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The 7 Best Stainless Steel Cookware Sets of 2022

Are you ready to up your kitchen game?

best stainless steel cookware sets
Sarah Ciceneros

No matter how you slice it, growing up is hard to do: There’s more responsibilities, more decisions, and, of course, way more expenses. But one of the benefits of becoming an adult is getting to own some truly nice pots and pans (no more roommate hand-me-downs!). Offering the ultimate combination of durability and convenience with no bulkiness or extra heft, investing in quality stainless steel cookware is one of the first steps you can take. Stainless steel cookware is certainly the best for even heat distribution and high-heat searing (think pan-fried steak and seared scallops), but there’s a lot more to love about these durable sets than just their excellent performance. We know these sets aren’t for the faint of heart—or wallet—which is why we’re here to guide you through the process of finding the best stainless steel cookware set for your lifestyle.

Not sure if you're sold on stainless steel? Check out our top picks for best cast-iron skillets and best frying pans.

Our top picks

    How we picked these products

    Good House Keeping Institute Lab Tested Badge

    To determine the best stainless steel cookware sets, we consulted our friends at the Good Housekeeping Institute, which evaluated 35 different sets. Their team of on-staff experts—which includes all types: engineers! data analysts! registered dietitians!—rigorously put everyday products to the test (and then more and more tests) in their New York City-based labs to determine which ones you can trust. For these sets, their Kitchen Tech Experts evaluated each on user-friendliness, heat distribution and retention, maneuverability, stain resistance, cleanability, and performance—they even gauged their ability to maintain a steady simmer, evenly brown steaks, and cook tomato sauce without scorching. After reviewing their findings, we’ve determined that these are the best stainless steel cookware sets you can buy in 2022.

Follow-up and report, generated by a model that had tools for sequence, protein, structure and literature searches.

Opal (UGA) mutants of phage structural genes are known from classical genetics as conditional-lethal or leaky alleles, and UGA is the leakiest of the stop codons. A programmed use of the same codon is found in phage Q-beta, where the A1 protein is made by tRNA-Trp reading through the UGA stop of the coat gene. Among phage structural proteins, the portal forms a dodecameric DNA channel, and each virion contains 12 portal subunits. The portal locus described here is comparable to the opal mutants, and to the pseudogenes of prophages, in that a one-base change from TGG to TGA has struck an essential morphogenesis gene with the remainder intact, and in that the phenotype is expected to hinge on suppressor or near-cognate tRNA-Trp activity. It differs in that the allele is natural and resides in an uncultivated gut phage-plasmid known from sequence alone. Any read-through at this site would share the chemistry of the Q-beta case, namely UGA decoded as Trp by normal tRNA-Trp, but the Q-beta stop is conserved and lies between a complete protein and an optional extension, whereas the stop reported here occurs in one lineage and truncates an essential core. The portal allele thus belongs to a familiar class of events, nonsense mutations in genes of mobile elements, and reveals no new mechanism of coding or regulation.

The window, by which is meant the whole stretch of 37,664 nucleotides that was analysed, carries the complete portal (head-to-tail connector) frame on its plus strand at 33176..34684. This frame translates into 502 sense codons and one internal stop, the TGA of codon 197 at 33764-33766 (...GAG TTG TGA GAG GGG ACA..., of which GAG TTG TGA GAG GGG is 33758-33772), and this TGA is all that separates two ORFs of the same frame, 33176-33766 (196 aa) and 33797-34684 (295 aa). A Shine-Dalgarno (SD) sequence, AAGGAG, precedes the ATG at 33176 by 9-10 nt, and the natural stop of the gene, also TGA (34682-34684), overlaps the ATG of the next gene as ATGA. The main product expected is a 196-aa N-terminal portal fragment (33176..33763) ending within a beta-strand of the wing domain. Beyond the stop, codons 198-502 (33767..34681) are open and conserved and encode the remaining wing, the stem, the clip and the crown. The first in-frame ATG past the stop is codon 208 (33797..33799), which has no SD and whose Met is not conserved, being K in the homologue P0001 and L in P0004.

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        Best Budget Stainless Steel Cookware Set
        Tramontina
        Triply Clad Stainless Steel 12-Piece Cookware Set
        Tramontina
        Best Stainless Steel Cookware Set
        Williams Sonoma
        Signature Thermo-Clad Stainless-Steel 10-Piece Cookware Set
        Williams Sonoma
        Most Versatile Stainless Steel Cookware Set
        All-Clad
        D5 Brushed Stainless Steel 5-Ply 10-Piece Cookware Set
        All-Clad
        Easiest to Clean Stainless Steel Cookware Set
        Le Creuset
        Stainless-Steel 10-Piece Set
        Le Creuset
        Best Splurge Stainless Steel Cookware Set
        Ruffoni
        Opus Prima Hammered Stainless Steel 7-Piece Cookware Set
        Ruffoni
        Best Compact Stainless Steel Cookware Set
        Hestan
        NanoBond Stainless Steel 5-Piece Cookware Set
        Hestan
        Most Stylish Stainless Steel Cookware Set
        Great Jones
        Family Style Set
        Great Jones
        Is stainless steel cookware the best kind of cookware?